ALSO:

    Gordon Campbell: On Winston Peters' Latest Bout Of Immigrant Bashing

    It is only one poll, but rather than cannibalising each other's vote, Colin Craig and Winston Peters do seem to be managing to find the room to co-exist... Few are questioning how Peters got to this happy place, and what it says about the mood of the electorate. More>>

    ALSO:

    More Immigration News: First People Trafficking Charges

    The first people trafficking charges in New Zealand have been brought by Immigration New Zealand (INZ)... The defendants have been charged under the Crimes Act 1961 for arranging by deception the entry of 18 Indian nationals into New Zealand. More>>

    Collins 'Misinterprets Media Reports': "Too Compromised To Remain Justice Minister"

    Bizarre claims by Judith Collins this morning that she had been cleared of inappropriate behaviour by the Privacy Commissioner demonstrates she is too compromised to remain Justice Minister, Labour MP Grant Robertson says. More>>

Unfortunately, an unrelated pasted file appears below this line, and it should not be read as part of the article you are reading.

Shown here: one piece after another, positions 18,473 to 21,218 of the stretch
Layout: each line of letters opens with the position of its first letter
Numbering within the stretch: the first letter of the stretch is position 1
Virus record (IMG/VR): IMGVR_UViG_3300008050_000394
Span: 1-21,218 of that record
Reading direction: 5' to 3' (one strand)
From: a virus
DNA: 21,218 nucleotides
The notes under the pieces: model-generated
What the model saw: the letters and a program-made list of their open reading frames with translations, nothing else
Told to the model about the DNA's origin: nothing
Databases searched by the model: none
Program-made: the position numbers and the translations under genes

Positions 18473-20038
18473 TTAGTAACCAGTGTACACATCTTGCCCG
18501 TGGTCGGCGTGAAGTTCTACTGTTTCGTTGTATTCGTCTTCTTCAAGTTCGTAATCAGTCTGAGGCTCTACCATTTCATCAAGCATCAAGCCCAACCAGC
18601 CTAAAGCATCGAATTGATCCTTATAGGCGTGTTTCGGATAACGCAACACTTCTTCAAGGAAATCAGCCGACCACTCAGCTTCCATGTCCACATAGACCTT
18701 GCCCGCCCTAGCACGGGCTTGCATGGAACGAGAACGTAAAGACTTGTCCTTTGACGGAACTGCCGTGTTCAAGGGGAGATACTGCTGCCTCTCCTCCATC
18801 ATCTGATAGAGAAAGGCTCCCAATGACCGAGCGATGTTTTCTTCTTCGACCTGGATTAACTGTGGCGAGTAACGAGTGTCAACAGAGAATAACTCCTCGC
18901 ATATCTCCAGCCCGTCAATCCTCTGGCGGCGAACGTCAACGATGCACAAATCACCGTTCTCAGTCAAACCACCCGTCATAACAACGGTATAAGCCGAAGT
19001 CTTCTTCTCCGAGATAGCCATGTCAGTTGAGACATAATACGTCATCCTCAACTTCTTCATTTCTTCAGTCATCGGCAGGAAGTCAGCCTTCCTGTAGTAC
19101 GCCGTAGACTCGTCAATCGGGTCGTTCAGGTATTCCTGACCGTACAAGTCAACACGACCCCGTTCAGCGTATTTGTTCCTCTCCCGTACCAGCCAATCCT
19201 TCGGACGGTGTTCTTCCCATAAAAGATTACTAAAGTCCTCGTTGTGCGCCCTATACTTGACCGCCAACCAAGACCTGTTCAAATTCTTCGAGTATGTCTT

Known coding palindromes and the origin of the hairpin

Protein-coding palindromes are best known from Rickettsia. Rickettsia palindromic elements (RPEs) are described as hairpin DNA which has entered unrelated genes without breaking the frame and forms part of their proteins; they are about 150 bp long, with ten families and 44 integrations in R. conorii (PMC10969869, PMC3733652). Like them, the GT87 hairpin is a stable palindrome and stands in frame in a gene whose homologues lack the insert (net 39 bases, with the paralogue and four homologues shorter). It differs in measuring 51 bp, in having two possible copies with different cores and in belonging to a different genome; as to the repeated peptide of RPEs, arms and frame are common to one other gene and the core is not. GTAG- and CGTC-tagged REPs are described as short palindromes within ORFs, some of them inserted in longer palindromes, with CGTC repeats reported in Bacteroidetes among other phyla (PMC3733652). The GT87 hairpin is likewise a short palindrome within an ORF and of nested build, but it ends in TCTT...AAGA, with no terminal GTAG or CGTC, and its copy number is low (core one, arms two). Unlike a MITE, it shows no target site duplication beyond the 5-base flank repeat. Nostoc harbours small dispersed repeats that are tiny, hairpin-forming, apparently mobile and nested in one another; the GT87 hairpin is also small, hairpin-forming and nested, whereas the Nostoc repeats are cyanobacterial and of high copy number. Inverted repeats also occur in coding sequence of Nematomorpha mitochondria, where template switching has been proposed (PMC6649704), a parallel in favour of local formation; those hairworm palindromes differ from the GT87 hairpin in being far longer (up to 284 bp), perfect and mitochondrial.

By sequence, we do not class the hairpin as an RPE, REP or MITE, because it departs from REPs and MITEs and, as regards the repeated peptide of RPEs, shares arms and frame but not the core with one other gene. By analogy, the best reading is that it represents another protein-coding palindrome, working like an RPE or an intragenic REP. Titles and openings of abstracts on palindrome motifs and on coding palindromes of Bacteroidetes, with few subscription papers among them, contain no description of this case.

ALSO:

    Labour On Climate Change: Focus On The Now For The Future

    A Labour Government will put in place a comprehensive climate change strategy focusing on both mitigation and adaptation, establish an independent Climate Commission and implement carbon budgeting, says Labour Climate Change spokesperson Moana Mackey. More>>

    ALSO:

    Gordon Campbell: On National’s Housing Assistance Plan

    So, as many as 90,000 people could derive some benefit from National’s housing assistance plans for low and middle-income earners... Yet in reality, the benefits seem likely to be insignificant, and they will be skewed towards those at the top end of the income group that’s supposedly the target. More>>

    ALSO:

    Election Data Consortium: National’s Worst Case Scenario At Stage One?

    A month out from the general election and ipredict traders are still forecasting National’s vote to slip below current polling levels and there is potential for it to fall further. More>>

    ALSO:

    Get More From Scoop

     

    LATEST HEADLINES

     
     
     
     
     
     
     
     
    Regional
    Search Scoop  
     
     
    Powered by Vodafone
    NZ independent news